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McCoy on Movies: "The American" Movie Review

McCoy on Movies: "The American" Movie Review
Maysville's finest is back in theaters this week in the suspense thriller "The American." But is the film worthy of your pledging allegiance to it? Check out our movie critic's thoughts here.

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KEY CAST MEMBERS: George Clooney, Violante Placido, Thekla Reuten and Paolo Bonacelli

 

WRITER: Rowan Joffe, adapted from Martin Booth's novel A Very Private Gentleman

 

DIRECTOR: Anton Corbijn

 

WEB SITE: FocusFeatures.com/film/the_american

 

THE PLOT: Adapted from the 1990 novel A Very Private Gentleman, "The American" stars George Clooney in the title role as Jack, a man who... well, let's just call him a man who is very good with his hands who often has to use them to do his job (or save his own skin). In other words, he's an assassin.

 

After having his time in Sweden interrupted in a most harsh manner, Jack travels to Rome where he meets up with his contact Pavel (Johan Leysen) who sets up for him to hole-up in the hilly Italian countryside. While lying low, Jack takes on a new assignment: constructing a specialized rifle for a mysterious new contact, Mathilde (Thekla Reuten). That assignment, of course, is not without its complications, as Jack unexpectedly befriends local priest Father Benedeto (Paolo Bonacelli) and liaisons with Clara (Violante Placido), a beautiful woman of the night who longs for passionate romance. SassyMoma-In-Story-GIF.GIF

 

Once Jack sees Clara for who she truly is, he comes to realize a different existence might be a better way to live. Whether or not he'll be alive to see it, however, remains to be seen.


THE TAKE: To put my thoughts on "The American" into an analogy: If I were given a paint-by-numbers kit that, once I was finished with it, I would have painted an exact replica of the Mona Lisa, is it a work of art or simply a very well done, visually appealing yet uninspired copy of a true work of art? If you feel that the latter is true, you have just summed up how I ultimately felt after watching this film.

 

Let me explain: There is no problem with the acting (which is fine all the way around), the cinematography (which is stellar) or even the film's soundtrack (which effectively sets the mood properly). And having not read the late Mr. Booth's novel, I cannot say for certain that it is the film's source material. No, the problem is that the film, which moves a bit too slowly at times, is extremely... familiar.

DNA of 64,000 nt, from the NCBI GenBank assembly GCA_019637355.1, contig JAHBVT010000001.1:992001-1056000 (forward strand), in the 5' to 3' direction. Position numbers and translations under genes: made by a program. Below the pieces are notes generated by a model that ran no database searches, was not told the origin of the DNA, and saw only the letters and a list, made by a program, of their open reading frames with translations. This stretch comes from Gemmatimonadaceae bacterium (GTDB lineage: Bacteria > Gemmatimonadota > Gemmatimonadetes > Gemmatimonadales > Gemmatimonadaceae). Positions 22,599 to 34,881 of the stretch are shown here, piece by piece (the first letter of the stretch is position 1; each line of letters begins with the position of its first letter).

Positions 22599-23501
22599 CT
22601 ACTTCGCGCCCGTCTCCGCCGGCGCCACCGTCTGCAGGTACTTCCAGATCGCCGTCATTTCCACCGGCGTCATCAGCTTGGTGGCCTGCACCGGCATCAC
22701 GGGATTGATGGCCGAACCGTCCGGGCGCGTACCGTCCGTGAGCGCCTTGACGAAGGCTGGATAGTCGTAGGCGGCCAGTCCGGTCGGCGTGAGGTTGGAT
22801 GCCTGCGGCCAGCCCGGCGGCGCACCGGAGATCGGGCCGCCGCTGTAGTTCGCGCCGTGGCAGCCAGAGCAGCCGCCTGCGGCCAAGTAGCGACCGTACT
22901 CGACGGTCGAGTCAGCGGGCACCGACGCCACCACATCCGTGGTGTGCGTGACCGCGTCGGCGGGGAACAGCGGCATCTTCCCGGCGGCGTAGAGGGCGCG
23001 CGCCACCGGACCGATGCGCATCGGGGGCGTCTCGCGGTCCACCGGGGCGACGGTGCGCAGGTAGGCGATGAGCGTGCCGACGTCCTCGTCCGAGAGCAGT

In talking with my fellow critic friend after the film, I struggled to remember the film that had a character similar to that of Clooney in "The American," a character with a similar take on his job, desire to transcend it and a woman's affect on it. Hours later, I remembered -- "Heat" and on a remotely similar level, "The Professional."

 

OK, let me stop you right now. "Heat," "The Professional" and "The American" are three completely different films, but the archetype of the main character in all is one we have seen countless times before, just tweaked and adjusted ever-so-slightly for each film. And in "The American," the archetype is compelling enough to keep you watching, but the familiarity of his world fails to deliver a completely satisfying experience by the film's end.

 

While the film is essentially a throwback to film days of yore (if the film's theatrical movie poster isn't a tip off, well, it should have been!), it ends up having an old vibe for the wrong reason: A story that no matter how well told, is one we've seen before. While many others may (and likely justifiably so) praise the cast and crew's work, the actual story itself is ultimately a facsimile of a work of art no matter how you cut it.

 

PARTING SHOT: While the film will definitely interest many in vacationing in Italy and having a torrid romance, "The American" is not in the same class as the foreign films it seeks to imitate.

 

RATING (OUT OF FOUR POSSIBLE BUCKETS OF POPCORN):

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Tabari McCoy -

Tabari McCoy is Cincy Chic's movie critic. You can check out more of his work on his blog at McCoyonMovies.BlogSpot.com and follow him on Twitter at @tabarimccoy

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